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Cataracts

MEDICAL ENCYCLOPEDIA 
Cataracts
Cataracts
Causes and Risk Factors
Symptoms
Diagnosis
Treatment

Cataracts
Cataracts are very common in older people. The vision of a person with an advanced cataract covering a large portion of the eye lens could be compared to trying to see through a waterfall. In fact, the word "cataract" literally means "waterfall." But what is a cataract? And what types of cataracts form on the eyes?

Eye anatomy
How does the eye work? The eye is a complex organ that collects light and focuses it on the back of the eye, onto the retina. The cornea, in the very front, is transparent, allowing light to enter. Light hits the iris, (the colored part) and the opening in the center of the iris (the pupil), contracts or expands to allow different amounts of light through. After light enters through the pupil, it passes through the clear lens held in place by a structure called the capsule and through a clear jelly-like substance called the vitreous, and strikes the retina. The retina changes light signals into electrical signals. These signals are sent via the optic nerve to the brain, which translates them into images.

What is a cataract?
The lens of the eye is made of water and protein molecules. As we age, sometimes the molecules of protein begin to clump together and cause clouding in some parts of the lens. The build up of molecule and proteins blocks light from reaching the retina, and diminishes vision. These clouded areas on the lens of the eye are cataracts.

More specifically, a cataract is a clouded or opaque area in the lens of the eye – an area that is normally transparent – that occurs when some of the proteins of the lens clump. In its early stages, a cataract may not cause a problem because it affects only a small part of the lens. But the cataract may grow larger over time and increasingly affect more of the lens. As less light reaches the retina, it becomes increasingly harder to see and vision may become dull and blurry. Cataracts cannot spread from one eye to another, but many people develop cataracts in both eyes.

Types of cataracts
Most cataracts are slow to develop and in the early stages vision is usually not impaired. As the severity of the clouding increases over time, cataracts eventually interfere with vision. Although most people experience nuclear cataracts, which are related to aging, other types of cataracts exist. These include:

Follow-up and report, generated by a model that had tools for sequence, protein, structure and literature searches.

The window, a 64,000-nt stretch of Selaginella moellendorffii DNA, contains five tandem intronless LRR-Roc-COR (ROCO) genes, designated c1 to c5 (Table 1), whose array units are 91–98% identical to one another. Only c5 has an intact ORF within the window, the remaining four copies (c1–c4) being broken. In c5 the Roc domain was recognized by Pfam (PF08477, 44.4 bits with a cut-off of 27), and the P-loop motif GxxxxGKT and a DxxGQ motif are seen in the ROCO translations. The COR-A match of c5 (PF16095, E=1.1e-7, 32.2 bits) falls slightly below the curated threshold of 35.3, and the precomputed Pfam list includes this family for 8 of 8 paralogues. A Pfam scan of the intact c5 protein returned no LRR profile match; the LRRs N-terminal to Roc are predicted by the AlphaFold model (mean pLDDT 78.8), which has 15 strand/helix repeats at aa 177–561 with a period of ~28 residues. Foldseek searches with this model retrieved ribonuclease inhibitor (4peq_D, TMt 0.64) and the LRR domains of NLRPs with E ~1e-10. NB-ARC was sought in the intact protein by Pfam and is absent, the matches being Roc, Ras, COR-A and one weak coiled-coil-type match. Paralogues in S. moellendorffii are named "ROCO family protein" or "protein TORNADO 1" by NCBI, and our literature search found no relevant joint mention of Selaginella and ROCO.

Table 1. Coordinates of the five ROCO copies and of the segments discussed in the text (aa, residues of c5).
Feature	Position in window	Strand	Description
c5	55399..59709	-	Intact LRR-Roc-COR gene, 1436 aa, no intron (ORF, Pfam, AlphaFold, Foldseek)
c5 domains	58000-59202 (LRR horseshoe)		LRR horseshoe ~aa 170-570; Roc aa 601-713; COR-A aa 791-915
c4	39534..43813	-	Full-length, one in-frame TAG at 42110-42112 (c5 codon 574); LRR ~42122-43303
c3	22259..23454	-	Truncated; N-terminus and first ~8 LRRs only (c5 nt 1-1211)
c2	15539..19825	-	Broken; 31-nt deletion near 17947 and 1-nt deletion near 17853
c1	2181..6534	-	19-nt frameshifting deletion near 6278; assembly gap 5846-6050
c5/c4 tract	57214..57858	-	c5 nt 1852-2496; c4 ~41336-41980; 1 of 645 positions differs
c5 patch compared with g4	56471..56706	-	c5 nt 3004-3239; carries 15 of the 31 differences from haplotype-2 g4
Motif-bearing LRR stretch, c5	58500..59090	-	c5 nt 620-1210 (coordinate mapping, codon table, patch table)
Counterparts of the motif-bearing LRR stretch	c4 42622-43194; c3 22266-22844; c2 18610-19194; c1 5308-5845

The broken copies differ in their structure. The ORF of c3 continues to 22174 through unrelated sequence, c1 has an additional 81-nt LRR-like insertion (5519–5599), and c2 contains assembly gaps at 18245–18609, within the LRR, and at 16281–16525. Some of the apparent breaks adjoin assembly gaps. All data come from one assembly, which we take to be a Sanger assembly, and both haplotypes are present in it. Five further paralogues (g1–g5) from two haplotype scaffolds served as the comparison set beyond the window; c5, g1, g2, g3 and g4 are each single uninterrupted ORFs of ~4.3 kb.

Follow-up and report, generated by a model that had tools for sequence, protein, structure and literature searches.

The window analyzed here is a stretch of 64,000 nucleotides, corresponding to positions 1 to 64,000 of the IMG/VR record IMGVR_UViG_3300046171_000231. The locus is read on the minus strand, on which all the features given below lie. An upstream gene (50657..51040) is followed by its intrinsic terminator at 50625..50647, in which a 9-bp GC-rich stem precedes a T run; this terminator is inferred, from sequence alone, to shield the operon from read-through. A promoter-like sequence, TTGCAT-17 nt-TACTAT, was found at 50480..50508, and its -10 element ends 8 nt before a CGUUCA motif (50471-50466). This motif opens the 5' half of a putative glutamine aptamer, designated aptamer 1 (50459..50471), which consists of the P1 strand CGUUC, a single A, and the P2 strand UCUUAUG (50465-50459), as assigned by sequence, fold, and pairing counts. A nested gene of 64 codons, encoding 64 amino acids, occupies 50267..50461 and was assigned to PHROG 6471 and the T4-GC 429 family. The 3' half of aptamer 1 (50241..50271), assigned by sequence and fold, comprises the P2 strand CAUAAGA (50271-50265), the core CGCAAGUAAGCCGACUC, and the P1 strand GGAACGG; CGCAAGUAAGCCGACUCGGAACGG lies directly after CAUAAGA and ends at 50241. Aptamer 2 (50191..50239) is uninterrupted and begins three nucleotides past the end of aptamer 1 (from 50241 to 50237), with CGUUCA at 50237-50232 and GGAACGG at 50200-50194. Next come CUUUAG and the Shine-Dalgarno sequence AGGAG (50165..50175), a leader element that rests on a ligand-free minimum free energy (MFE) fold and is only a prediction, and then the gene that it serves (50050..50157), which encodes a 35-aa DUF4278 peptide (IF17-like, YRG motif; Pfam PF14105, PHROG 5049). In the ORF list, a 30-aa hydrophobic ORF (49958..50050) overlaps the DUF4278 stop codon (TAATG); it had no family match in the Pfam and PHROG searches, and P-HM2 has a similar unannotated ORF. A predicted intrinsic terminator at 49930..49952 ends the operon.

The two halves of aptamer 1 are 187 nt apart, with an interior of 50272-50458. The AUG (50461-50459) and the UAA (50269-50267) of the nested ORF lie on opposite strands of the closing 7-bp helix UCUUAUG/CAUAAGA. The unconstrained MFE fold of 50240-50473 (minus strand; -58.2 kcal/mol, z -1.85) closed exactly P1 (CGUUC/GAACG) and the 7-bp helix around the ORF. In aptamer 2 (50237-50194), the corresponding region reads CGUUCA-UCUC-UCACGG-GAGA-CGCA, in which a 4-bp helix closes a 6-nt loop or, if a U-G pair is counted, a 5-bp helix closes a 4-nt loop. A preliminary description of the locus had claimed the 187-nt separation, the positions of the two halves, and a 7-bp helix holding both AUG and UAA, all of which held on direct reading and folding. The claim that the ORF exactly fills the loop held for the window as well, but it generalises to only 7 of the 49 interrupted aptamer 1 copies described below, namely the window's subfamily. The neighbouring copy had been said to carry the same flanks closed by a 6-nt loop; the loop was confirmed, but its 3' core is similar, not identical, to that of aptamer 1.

Age-related cataracts – Most cataracts are related to aging.

Congenital cataracts – Babies may have cataracts at birth or develop them in childhood, often in both eyes. Some congenital cataracts do not affect vision, but others do and need to be removed.

Cortical cataract – A cataract that develops in the cortex of the lens that block slight transmission and results in glare and loss of contrast. Common in people with diabetes, this type of cataract can develop slowly. Cortical cataracts can affect distance and near vision so much that surgery is often recommended.

Nuclear cataract - The most common type of cataract, the nuclear cataract is also the one most commonly linked with aging. These cataracts develop in the middle of the lens and can lead to nearsightedness - a temporary improvement that fades as the cataract grows.

Secondary cataracts – A secondary cataract develops as a result of another disease, such as diabetes, and has been associated with use of steroids.

Subcapsular cataract - A subcapsular cataract usually starts as a small opaque area under the capsule, at the back of the lens and develop slowly. These cataracts often occur in people who have diabetes, near-sightedness, retinitis pigmentosa, and in people who take steroids.

Traumatic cataracts – A traumatic cataract occurs as a result of an eye injury, and may develop immediately after the incident, or several years later.

Can you prevent cataracts from occuring?  Are some people more at risk of developing cataracts than others?  Continue reading to learn more about who is at risk of cataracts, and what causes different types of cataracts.

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Tags: retinitis pigmentosa, nearsightedness, traumatic, childhood, Diabetes, molecule, allowing, affects, surgery, amounts, anatomy, retina, affect, vision, brain, loss, eyes, anatomy of the eye, affects of steroids, about the brain
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